In a “daily tip” a couple of days ago, the excellent Chris Ferdinandi recommended an approach to loading CSS asynchronously based on a refined technique by Scott Jehl. The short of it is that you load your stylesheets like this:
<link rel="stylesheet" href="/path/to/my.css" media="print" onload="this.media='all'">
You see what that’s doing? It’s loading the stylesheet for the print medium, but then when the document finishes loading it’s switching the media type from “print” to “all”. Because it didn’t apply to begin with the stylesheet isn’t render-blocking. You can use this to delay secondary styles so the page essentials can load at full speed.
I don’t like this approach. I mean: I love the elegance… I just don’t like the implications.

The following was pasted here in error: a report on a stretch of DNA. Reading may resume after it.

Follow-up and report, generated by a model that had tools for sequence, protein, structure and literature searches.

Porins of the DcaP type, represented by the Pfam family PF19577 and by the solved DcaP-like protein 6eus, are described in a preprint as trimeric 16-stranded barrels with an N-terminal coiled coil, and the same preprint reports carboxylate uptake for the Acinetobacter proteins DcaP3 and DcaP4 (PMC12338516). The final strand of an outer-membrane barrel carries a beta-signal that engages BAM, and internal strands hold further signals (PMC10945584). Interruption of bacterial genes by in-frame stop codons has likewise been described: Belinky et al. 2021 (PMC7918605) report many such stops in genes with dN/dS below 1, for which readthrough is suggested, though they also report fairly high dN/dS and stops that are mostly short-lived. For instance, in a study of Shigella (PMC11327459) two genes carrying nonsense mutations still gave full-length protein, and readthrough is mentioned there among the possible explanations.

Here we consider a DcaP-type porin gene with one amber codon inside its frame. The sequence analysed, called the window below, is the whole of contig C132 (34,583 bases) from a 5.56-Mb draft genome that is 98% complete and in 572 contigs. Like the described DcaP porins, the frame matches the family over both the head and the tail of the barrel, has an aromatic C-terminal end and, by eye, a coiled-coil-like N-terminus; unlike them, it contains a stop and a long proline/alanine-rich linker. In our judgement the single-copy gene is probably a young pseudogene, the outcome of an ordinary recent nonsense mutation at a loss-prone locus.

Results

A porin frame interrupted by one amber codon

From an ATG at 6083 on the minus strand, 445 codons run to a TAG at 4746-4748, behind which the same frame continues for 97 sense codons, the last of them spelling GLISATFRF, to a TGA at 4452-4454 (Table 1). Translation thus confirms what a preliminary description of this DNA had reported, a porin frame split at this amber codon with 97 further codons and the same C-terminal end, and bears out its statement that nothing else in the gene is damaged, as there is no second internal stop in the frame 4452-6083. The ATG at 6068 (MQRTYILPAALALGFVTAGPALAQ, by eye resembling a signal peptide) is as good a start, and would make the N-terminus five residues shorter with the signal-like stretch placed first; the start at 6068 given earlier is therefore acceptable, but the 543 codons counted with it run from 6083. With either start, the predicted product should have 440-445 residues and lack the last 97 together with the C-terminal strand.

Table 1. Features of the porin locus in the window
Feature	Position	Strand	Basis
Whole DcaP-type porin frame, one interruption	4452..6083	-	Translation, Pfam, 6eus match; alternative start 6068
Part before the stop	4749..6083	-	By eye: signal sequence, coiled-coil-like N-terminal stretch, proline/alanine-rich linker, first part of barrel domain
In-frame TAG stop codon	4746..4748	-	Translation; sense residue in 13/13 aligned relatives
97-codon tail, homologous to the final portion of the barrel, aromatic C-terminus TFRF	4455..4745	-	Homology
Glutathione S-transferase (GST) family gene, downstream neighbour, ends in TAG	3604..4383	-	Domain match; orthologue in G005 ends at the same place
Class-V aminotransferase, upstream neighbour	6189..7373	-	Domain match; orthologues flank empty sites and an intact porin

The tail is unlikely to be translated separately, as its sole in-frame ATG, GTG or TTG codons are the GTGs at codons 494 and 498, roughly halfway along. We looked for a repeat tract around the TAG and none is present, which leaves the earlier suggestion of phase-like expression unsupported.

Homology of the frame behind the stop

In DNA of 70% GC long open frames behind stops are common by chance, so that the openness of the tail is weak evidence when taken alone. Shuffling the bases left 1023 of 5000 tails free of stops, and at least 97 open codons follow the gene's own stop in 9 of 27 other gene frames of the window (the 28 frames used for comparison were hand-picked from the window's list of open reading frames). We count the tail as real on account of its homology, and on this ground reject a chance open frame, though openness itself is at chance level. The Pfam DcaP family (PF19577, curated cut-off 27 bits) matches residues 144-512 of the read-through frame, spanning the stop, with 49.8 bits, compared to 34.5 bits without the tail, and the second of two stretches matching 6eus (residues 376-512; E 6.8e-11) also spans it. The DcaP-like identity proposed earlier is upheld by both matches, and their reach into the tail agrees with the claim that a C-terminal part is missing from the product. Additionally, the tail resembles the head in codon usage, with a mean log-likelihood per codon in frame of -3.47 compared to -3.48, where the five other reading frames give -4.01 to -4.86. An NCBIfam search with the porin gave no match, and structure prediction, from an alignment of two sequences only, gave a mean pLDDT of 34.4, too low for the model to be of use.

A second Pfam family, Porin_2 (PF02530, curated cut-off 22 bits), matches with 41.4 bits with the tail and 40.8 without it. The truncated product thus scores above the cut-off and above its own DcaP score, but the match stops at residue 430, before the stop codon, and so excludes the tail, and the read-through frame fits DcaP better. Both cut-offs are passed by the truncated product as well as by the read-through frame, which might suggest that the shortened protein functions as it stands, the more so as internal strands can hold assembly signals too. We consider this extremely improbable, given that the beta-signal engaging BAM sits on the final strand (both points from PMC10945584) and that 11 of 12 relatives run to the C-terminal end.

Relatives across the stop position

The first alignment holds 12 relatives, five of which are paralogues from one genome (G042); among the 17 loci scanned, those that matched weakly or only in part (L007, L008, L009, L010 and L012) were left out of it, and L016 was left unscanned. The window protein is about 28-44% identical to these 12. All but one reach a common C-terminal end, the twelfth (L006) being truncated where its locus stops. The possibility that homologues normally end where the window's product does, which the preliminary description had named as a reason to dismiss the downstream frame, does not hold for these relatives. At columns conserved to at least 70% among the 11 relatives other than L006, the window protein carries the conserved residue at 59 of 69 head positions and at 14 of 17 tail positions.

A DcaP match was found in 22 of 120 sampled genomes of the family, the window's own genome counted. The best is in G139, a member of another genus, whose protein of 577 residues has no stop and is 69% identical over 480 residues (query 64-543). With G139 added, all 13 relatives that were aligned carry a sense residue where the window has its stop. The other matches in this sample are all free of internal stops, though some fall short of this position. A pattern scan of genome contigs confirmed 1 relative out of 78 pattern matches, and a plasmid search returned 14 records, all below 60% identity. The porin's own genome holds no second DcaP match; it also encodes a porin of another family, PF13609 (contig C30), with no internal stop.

In principle, it’s this:
- Link your stylesheet from within a
<noscript lazyload>(if you’re a standards purist, you might prefer to use a
<noscript>blocks and reinject them. In modern browsers, this is as simple as e.g.
If you need support for Internet Explorer, you need a little more work, because Internet Explorer doesn’t expose
<noscript> blocks to the DOM in a helpful way. There are a variety of possible workarounds; I’ve implemented one but not put too much thought into it because I rarely have to think about Internet Explorer these days.
In any case, I’ve implemented a proof of concept/demonstration if you’d like to see it in action: just take a look and view source (or read the page) for details. Or view the source alone via this gist.